I want to ask the authors of a paper if they have thoughts on an application of their work. I'm not sure who to email.

The first author is a grad student, who is supervised by the last author - however, the authors are in alphabetical order so I'm not sure if there is any meaning to the ordering. The paper is in economics, which traditionally goes alphabetically, I believe.

Should I email all the authors in one bulk message? Just the professors? Choose one of the authors at random and email them?

  • please let us know if any of them answer ,, out of 4 times I emailed authors of papers i read, i received only one reply. – AJed Oct 19 '13 at 22:45

Papers usually have one (or more) designated corresponding author, or “contact author”, or “author to whom correspondance should be addressed”. That's whom you should contact.

Sometimes it's indicated by a footnote, an asterisk, or at the end of the paper. Sometimes, it's indicated by the fact that only corresponding authors have their email address listed.

If there is no corresponding author, then email either the first author or senior author, depending on the nature of your question and how confident you feel in communicating with them. I would refrain from copying the email to all authors (except maybe if there are only two): if he wants to, the author you will write to can forward your query to others.

  • 8
    to add some context: the risk with emailing all authors is that everyone assumes someone else will reply. – Suresh Oct 20 '13 at 1:52

While this involves a little more work, it might be possible to do some digging to see who's the prime mover on the paper. For example, if one of the authors has a series of papers on the topic, or if it's part of an author's thesis, and so on. If you're able to find such a person, then it might help to email them directly. If not, then @F'x's solution is fine.

In fields like pure mathematics, where authors are given equal credit, I'd recommend e-mailing all the authors unless there are an awfully large number of them or special circumstances apply (you know an author personally, you happen to know that your question is most relevant to a specific author, etc.). The reason is that if you single out a specific author, then the other authors may try to guess why. Is it because the author you chose is the most famous? Because you mistakenly think they deserve most of the credit? Because you are ignoring a woman in favor of her male coauthor? Of course nobody will know why you made your choice, so they won't get too upset about their speculations, but this is not a great start for your interactions with the other coauthors.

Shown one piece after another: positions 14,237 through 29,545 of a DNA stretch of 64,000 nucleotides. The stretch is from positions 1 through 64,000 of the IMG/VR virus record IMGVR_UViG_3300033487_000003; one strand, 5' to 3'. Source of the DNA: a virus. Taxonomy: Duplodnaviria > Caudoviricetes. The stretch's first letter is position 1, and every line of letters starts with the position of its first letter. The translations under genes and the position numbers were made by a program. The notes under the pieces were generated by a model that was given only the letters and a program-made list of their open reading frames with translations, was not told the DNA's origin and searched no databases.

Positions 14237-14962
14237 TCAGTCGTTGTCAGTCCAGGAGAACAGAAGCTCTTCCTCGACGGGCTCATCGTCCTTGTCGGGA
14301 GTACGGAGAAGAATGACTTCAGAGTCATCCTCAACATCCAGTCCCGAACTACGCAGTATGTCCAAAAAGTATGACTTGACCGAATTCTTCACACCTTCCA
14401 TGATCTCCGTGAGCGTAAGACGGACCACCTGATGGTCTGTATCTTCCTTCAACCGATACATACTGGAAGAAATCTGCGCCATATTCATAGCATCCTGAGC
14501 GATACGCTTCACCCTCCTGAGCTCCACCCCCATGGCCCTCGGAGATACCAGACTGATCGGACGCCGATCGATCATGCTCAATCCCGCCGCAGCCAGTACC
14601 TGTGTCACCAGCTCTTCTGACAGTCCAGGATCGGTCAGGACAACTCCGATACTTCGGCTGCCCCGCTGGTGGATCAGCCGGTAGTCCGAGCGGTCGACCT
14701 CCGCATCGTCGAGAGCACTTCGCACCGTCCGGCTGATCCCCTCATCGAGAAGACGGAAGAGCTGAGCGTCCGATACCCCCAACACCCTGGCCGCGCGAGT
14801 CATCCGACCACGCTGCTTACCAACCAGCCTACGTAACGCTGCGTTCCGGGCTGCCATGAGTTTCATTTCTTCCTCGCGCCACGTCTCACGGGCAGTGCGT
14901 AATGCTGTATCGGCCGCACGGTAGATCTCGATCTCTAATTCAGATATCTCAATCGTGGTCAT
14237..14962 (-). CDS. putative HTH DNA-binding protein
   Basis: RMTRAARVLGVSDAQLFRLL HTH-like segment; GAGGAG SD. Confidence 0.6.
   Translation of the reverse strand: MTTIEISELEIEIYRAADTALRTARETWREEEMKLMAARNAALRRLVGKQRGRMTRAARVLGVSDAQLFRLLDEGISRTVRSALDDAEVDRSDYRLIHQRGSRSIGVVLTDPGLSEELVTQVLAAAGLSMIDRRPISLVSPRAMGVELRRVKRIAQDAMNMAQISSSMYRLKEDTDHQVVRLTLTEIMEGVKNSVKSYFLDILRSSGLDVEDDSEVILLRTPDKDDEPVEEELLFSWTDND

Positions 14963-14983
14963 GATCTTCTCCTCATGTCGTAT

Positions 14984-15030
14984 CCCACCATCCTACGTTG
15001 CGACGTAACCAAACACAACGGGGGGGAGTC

If you e-mail several people about a paper at the same time, it's best to send a single e-mail. Every so often someone will send the same message separately to me and to a coauthor, which just increases the chances that we will waste time by both replying without ccing the other.

  • I agree with this (coming from theoretical physics, where we also give equal credit and use alphabetical order). Occasionally if I know one author much better than their coauthors I would just write to them, but usually for the reasons you suggest it seems best to avoid offending anyone by CCing all authors. – Matt Reece Oct 21 '13 at 1:15

This applies to the case where there is no corresponding author.

Talking about my field (applied CS), where many experiments depends on experiments which are not always easily repeated, and code are usually not available*:

I think it is more effective to go directly to the supervisor (or supervisors) - [last and second to last authors - since this is the order usually followed in applied CS]. These authors usually takes higher care of their reputation in the field. Because of that, they will force their students (i.e. first author and/or second) to give explanation. (example: This happened when my supervisor received a question about a paper of his with another post-doc. I am sure that my supervisor did not work much on the details of the paper, but his name must be included - that s an engineering tradition I believe. The supervisor made sure to call the post-doc and asked for explanation. The supervisor forced the the post-doc to send an email back to the question sender).

If you send a question directly to a PhD/Msc student, he would ignore you most likely - from my experience. Because many PhD students hide their mistakes intentionally - just to have their thesis accepted later. (example: I heard a PhD student that he made some mistakes in his MSc thesis and he hid them intentionally. He said "this is to make whoever work on my work find trouble matching the paper results and the new experiments results".

But honestly, at the end, we cannot generalize.

(*)This one of the biggest mistakes in applied CS.

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